Ukraine on Monday barred the powerful Moscow mayor from entering the country in the future for reportedly suggesting that it should cede a key city to Russia.

The move further strains already tense relations between the two ex-Soviet neighbors, as Moscow bitterly opposes Kiev's push to join NATO.

Ukraine's State Security Service said in its statement that Moscow Mayor Yuri Luzhkov's comments were undermining national interests and the country's territorial integrity. The agency also said it was looking into allegations that Luzhkov was involved in money laundering in Ukraine.

Russia's Foreign Ministry criticized the Ukrainian move as an "unfriendly step," but added that he was expressing the view shared by many Russians.

"Yuri Luzhkov only expressed an opinion which conforms with the viewpoint of the majority of Russians who have watched the breakup of the Soviet Union with pain," the ministry said in a statement.

Speaking Sunday in the Crimean port city of Sevastopol, Luzhkov was reported by the Interfax news agency as saying that the city belongs to Russia. A lease agreement with Ukraine allows Russia to use Sevastopol as the main base for its Black Sea fleet until 2017.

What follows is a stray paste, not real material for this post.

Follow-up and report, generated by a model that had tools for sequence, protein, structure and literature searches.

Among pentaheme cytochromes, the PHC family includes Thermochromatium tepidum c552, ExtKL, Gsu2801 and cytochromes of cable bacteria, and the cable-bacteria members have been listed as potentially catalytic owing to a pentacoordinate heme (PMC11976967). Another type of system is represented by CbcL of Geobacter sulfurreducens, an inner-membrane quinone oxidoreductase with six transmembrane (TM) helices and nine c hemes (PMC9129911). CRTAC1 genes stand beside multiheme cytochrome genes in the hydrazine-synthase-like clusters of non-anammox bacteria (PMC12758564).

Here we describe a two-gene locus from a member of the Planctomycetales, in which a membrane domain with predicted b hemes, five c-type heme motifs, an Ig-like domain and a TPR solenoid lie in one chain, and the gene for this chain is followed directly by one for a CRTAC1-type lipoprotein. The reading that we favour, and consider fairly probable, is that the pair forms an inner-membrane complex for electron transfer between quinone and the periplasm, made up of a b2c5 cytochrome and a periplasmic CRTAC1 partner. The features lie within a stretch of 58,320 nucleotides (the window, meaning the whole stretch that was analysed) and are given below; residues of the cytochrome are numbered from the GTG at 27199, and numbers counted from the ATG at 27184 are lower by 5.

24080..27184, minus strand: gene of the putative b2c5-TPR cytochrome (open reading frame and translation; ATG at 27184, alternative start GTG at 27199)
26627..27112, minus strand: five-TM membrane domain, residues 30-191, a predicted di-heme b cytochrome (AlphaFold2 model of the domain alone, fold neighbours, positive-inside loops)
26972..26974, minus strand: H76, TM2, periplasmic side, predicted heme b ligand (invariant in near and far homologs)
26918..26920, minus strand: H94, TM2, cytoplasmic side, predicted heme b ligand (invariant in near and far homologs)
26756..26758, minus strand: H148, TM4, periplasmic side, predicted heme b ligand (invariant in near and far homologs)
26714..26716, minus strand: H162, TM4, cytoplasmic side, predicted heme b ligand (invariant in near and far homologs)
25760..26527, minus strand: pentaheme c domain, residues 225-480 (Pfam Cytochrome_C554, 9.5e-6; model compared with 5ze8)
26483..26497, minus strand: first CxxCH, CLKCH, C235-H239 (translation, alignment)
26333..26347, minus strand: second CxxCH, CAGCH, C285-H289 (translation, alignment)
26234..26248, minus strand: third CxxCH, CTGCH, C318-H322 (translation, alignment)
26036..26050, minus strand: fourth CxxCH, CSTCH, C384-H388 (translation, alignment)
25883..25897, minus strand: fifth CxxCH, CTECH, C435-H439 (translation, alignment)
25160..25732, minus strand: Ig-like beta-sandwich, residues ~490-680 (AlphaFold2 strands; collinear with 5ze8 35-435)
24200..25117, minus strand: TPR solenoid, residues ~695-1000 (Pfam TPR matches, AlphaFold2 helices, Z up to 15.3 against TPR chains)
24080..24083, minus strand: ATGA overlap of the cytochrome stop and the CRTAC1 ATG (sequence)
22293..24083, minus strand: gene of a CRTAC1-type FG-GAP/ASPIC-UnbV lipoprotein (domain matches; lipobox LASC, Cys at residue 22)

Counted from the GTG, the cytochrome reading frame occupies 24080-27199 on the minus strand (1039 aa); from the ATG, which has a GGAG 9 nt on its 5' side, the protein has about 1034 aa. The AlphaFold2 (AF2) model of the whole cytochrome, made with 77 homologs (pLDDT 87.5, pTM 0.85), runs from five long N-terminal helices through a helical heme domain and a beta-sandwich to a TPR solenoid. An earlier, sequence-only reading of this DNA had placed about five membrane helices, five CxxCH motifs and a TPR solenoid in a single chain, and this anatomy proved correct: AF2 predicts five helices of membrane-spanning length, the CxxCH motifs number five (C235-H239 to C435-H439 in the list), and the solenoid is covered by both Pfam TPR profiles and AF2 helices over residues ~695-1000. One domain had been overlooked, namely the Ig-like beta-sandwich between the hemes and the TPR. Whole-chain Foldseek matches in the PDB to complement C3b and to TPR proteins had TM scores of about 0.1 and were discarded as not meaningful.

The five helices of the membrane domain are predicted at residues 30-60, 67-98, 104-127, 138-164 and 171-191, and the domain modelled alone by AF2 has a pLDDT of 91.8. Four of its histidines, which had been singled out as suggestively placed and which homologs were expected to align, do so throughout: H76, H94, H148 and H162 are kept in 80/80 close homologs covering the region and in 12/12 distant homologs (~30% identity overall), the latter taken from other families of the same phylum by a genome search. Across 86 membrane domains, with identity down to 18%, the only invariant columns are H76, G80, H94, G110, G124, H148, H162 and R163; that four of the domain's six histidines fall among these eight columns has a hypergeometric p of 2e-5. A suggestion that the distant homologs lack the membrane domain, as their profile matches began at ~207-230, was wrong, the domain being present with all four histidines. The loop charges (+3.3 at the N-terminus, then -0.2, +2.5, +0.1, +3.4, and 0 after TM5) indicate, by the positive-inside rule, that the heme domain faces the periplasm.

The Crimean peninsula has long been part of the Russian empire and then of Soviet Russia. In 1954, Soviet leader Nikita Khrushchev awarded the Crimea to Soviet Ukraine, where he lived and ruled for many years.

After the 1991 Soviet collapse, the Crimea became part of an independent Ukraine, causing a lot of discontent in Russia and among local residents, many of whom are ethnic Russians.

Luzhkov, who has long angered Ukraine with similar statements, reportedly claimed that Khrushchev never meant for Sevastopol, a key port where Russia's Navy had been based for centuries, to become part of Ukraine and suggested that the current arrangement should be reconsidered.

"This issue remains unresolved. We will resolve it within the framework of the truth, state positions and the rights that Russia has to its naval base — Sevastopol," he was quoted as saying by Interfax.

Russia's Foreign Ministry said that Luzhkov's statements reflected public dismay about the Soviet collapse.